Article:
Just Like Clockwork: Epilogue - Caelan, Erin, Ilkin, Rakesh, Rose
1:02 AM, Wednesday, November 12th, 2003
Highgate Cemetery. Located in the north of London's inner city, it was the most famous cemetery in all of England. Karl Marx was the most famous burial here, but a long series of businessmen, poets, artists, occultists, visionaries and madmen had been buried here over the years. The poet Christina Rossetti, the parents and brother of Charles Dickens were buried here. More recently, Douglas Adams weas interred in the ground, some two years ago. Authors, scholars, and monsters all alike could be found beneath the dirt here. It was considered the most haunted cemetery in Britain, a well-deserved reputation.
Rose could see the ghosts around her. Old ghosts, potent and powerful, mad beyond reckoning by the years. They watched as Ilkin and Seventeen led you down the torturously circular paths, between trees and shrubbery. Highgate Cemetery was green, even at night. A little haven of nature, inside London's beating heart. Foxes, mice, wildflowers and trees, all allowed to live and grow without interference.
The ghosts watched from between the trees. Some looked human. A little girl in a dress from the turn of the century, her face pale and translucent, a burning mark of crimson emblazoned on her brow. A businessman in a sharp suit, his throat cut and still dripping ephemeral blood, a bloody mark burned into his forehead. Others were less understandable. A whirling cloud of lights and knives and bullets, a scarlet symbol floating in its depths. A three-faced hag, babe, mother, and crone, three faces arranged around a single head, with six arms and lower half dissolving into mist, their triple-faces branded with the red mark. Everywhere, the Guardians of the Veil had tamed these wild spectres and put their mark upon them. It looked like a steel mask with three slits, for eyes and mouth, framed before a gallows noose.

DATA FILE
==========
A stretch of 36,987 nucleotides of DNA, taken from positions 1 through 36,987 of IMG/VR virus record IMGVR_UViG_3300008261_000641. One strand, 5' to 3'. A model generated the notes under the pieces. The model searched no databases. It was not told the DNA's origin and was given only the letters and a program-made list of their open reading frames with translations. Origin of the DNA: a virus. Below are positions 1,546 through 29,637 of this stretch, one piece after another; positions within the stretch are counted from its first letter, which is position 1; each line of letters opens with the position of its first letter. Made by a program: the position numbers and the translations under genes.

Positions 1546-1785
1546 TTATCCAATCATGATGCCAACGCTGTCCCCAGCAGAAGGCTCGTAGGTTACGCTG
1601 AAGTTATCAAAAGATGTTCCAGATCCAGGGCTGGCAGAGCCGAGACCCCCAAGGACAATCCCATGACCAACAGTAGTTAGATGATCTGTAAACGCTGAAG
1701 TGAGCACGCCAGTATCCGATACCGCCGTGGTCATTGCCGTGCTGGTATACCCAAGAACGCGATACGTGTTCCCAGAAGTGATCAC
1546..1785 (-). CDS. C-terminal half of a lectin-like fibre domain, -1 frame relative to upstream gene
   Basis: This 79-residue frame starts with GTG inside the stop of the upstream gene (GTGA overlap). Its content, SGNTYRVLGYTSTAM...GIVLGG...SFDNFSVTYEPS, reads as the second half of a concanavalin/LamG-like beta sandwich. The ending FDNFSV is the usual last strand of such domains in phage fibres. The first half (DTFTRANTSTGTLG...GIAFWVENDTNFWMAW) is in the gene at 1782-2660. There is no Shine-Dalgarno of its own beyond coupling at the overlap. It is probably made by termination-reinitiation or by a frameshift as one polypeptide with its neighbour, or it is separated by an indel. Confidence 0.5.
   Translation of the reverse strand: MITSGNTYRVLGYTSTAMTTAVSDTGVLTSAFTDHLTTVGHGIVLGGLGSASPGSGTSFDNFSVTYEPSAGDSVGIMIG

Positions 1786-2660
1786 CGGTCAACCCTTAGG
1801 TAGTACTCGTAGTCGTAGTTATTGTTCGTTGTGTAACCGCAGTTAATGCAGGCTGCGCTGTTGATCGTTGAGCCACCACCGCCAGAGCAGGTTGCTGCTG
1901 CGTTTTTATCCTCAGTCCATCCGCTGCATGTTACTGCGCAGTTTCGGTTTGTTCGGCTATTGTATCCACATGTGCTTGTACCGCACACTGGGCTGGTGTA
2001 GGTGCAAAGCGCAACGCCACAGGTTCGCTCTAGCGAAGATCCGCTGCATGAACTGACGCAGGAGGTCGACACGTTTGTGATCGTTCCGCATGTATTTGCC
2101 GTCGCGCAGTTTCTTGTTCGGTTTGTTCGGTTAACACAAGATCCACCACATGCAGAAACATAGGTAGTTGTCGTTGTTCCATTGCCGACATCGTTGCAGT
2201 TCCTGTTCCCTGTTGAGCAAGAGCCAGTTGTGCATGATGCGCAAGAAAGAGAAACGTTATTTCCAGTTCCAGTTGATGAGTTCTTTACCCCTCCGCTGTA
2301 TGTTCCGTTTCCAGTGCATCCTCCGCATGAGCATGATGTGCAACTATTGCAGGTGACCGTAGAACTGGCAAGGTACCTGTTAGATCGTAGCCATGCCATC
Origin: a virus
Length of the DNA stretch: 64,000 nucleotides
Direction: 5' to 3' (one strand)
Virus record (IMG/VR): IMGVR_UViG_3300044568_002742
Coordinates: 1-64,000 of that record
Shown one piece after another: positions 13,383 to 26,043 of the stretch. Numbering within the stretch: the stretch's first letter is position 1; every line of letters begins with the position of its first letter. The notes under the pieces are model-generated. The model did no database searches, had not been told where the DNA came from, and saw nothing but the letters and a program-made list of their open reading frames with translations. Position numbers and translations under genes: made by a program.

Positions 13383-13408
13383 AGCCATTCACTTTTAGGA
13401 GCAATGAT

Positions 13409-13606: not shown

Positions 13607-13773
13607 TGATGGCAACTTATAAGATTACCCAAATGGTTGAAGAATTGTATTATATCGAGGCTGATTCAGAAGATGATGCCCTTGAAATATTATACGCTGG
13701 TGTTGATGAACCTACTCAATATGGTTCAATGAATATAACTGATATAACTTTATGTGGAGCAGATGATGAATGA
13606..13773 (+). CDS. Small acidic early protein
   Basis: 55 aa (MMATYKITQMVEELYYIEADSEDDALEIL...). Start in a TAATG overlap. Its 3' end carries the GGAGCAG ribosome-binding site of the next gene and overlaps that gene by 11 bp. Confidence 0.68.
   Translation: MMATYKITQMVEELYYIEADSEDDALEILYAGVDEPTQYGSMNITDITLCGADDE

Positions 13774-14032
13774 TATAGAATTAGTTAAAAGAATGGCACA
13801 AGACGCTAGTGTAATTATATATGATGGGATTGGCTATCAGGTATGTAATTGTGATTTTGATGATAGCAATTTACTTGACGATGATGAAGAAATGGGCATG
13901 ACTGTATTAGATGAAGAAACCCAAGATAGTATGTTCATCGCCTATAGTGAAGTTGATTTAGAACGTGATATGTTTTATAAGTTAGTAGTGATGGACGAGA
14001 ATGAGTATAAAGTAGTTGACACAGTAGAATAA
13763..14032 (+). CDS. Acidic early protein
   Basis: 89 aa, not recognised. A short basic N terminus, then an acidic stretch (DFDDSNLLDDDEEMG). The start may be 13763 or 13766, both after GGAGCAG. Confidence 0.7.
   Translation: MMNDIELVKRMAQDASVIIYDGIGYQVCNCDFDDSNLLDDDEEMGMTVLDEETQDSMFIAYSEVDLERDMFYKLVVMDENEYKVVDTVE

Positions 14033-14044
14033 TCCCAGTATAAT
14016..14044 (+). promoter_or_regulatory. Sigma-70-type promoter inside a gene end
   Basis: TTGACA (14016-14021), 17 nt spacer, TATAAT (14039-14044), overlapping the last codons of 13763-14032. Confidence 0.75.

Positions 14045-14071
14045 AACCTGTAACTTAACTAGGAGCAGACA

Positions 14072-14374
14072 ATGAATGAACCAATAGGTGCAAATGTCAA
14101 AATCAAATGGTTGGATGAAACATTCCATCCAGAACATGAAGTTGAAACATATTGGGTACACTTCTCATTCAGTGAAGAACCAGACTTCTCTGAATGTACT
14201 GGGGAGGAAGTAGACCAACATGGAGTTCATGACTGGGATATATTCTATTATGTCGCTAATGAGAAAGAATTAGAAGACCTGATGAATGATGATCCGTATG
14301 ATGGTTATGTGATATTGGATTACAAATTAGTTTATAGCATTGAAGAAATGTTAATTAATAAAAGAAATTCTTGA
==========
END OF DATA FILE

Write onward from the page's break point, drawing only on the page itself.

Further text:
"Here we are." Seventeen said at length, as a large mausoleum appeared out of the trees. This was in the old part of the cemetery, which had been founded back in 1839. Jeffries was carved in the stone above the great brass doors, and then a motto, Matthew 5:14 "You are the light of the world. A city that is set on a hill cannot be hidden". This was the task the Guardians set themselves. To hide that which cannot be hidden.
Inside, the Jeffries Family Tomb, the City on the Hill, the Citadel Building, the walls were a brilliant white marble, and there were plants everywhere. Potted flowers, small trees, everything was white marble and living greenery. It was blindingly bright and more vividly alive than the actual world outside. The first room you entered was empty, save for a dozen doors of gold, or at the least gilded wood. You saw nothing else.
Seventeen, without so much as pausing to scrub the dirt and mud from his shoes, stepped across the blinding mausoleum and towards one of the doors, tracking dirt onto the spotless marble floors. He opened it, and ushered you through. The Citadel Building was larger inside than it was on the outside. A trick of the magic of space and location, that threaded together scores of rooms and tombs scattered across Highgate Cemetery into a single whole, bridging distances.
It was to one of these other rooms that you now passed through. It was an office, though with the same decor of white marble and green plant-life that had been in the entry hall. An ornate desk in some Victorian style occupied most of the back, dark wood made to be nearly black by its brilliant surroundings. A chair of the same style and material, occupied, made up the remainder of the furnishings. It was a spartan assemblange, intimidating in its harsh austerity.
There were three people present. Two of them stood on either side of the chair. They looked like Seventeen, just a bit. Brown-haired and with aristocratic features, a man and a woman stood at attention. Each one wore a black suit and black sunglasses, their hair cut to a short trim, their faces set. Each cradled a large and very modern looking rifle in their hands.
"Hello Kenneth, Barbara. Everyone, meet MIB Barbie and MIB Ken." Seventeen said casually, waving the rest of you in. The two bodyguards gave him matching flat glares, no love lost there. A tad more respectfully, Seventeen half-bowed to the seated figure. "Hello Grandfather."
The seated figure was just a silhouette, a black outline amidst the startling green and white of his office. There was no earthly reason for this sharp division of light and dark, certainly no bright lights behind him. But his entire form was shrouded in nigh-impenetrable darkness. You could make out a handful of details. Tall, aristocratic in bearing, with a trim beard and short hair.
The silhouetted figure put down a pen it had been using and clasped its hands together, waiting.